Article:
John Jay and the Constitution
This website, prepared for U.S. Constitution Day 2005 (September 17) in conjunction with a public exhibition on the same theme, provides an in-depth look at the influence U.S. statesman John Jay had on the model of government that was ultimately embodied in the Constitution. It includes analysis and commentary by historian and Jay scholar Richard B. Morris (190489), reproductions of Federalist papers and other texts authored by Jay, links to reproductions of relevant Jay correspondence in Columbia's John Jay papers website, and other background material.
Jewels in Her Crown: Treasures from the Special Collections of Columbia’s Libraries
This exhibit brings together for the first time selected objects from the eleven Special Collections that exist within the Columbia University Libraries and their affiliates. Organized in honor of Columbia's 250th anniversary, the exhibition celebrates both the rich collection of books, drawings, manuscripts and other research materials that have been gathered since King's College had its start near Trinity Church in lower Manhattan in 1754, and the generosity of the donors whose gifts have made possible the work of students and scholars for many generations.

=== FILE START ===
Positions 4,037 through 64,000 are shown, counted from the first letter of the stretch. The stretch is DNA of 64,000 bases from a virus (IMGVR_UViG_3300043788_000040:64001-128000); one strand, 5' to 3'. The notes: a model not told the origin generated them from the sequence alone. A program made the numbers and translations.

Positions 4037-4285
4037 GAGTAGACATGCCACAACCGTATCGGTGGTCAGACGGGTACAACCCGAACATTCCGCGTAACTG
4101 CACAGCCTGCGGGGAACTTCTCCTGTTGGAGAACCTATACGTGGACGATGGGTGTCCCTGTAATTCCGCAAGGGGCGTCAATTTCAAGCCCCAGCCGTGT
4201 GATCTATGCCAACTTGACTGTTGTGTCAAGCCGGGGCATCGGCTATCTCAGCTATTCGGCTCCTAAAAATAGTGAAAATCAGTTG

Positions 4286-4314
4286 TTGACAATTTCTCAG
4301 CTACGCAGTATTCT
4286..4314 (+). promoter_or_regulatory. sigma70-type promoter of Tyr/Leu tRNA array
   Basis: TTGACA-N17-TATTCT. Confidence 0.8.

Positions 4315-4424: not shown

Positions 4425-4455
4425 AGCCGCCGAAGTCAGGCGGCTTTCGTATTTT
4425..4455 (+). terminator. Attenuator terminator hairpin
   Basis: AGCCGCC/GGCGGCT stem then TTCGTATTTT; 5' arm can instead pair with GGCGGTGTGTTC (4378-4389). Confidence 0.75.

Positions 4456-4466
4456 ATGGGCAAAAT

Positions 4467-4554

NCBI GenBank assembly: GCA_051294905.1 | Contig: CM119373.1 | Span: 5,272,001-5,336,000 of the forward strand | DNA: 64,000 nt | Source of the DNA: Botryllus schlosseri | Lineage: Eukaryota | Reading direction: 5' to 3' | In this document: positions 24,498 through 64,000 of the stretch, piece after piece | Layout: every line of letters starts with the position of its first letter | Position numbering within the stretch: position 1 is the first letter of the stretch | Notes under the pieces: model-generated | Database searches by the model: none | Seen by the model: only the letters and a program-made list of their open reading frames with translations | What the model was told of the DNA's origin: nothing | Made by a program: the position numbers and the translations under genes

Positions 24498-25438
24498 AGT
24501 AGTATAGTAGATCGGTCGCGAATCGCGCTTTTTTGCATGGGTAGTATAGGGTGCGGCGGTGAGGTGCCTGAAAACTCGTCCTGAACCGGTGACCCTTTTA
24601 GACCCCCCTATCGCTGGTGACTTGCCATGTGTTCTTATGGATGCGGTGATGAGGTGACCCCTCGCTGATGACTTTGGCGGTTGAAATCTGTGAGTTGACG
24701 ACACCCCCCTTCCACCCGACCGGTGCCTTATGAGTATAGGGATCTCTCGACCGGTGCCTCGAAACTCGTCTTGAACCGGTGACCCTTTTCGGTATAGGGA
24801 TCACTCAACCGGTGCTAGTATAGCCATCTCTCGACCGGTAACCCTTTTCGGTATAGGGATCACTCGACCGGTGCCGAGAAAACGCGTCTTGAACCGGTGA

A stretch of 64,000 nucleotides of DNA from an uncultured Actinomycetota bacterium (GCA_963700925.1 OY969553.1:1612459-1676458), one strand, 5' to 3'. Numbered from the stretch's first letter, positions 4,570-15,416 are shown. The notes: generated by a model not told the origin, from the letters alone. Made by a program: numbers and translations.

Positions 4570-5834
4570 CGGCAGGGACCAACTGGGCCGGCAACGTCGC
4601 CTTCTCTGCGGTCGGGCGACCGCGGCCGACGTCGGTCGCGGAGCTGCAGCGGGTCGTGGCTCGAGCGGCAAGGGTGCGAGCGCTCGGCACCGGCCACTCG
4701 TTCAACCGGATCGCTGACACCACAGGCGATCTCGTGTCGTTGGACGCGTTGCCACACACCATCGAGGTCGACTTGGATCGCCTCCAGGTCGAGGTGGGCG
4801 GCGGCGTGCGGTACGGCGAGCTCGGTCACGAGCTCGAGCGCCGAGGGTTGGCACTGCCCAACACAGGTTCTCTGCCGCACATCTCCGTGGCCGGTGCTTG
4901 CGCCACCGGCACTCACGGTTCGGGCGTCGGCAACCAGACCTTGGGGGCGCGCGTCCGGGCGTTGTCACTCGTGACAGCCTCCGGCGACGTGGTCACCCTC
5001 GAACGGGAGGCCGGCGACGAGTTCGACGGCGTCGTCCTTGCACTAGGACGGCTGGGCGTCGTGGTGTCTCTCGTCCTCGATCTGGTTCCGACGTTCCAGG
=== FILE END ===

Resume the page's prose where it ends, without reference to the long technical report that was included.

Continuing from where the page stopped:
The Russian Imperial Corps of Pages Online Exhibition Catalog
An online exhibition containing over one hundred images and texts from the Imperial Corps of Pages presentation, which was on display from December 2002 until February 2003 in the Kempner Gallery. It is a joint project of the Libraries' Bakhmeteff Archive of Russian and East European History and Culture and the Libraries Digital Program Division.
Celebrating the Liturgy's Books
This collaborative website, featuring digital images and related music clips, is based on the 2002 exhibit, "Celebrating the Liturgy's Books: Medieval and Renaissance Manuscripts in New York City," a city-wide venture on the occasion of the meeting of the Medieval Academy of America.
Shakespeare and the Book
This exhibition was inspired by the publication of David Scott Kastan's Shakespeare & The Book (Cambridge University Press, September, 2001 The exhibit draws heavily on the spectacular collection of English and American literature formed by Jack Harris Samuels, and bequeathed to the library by the collector's mother, Mollie Harris Samuels, in 1970.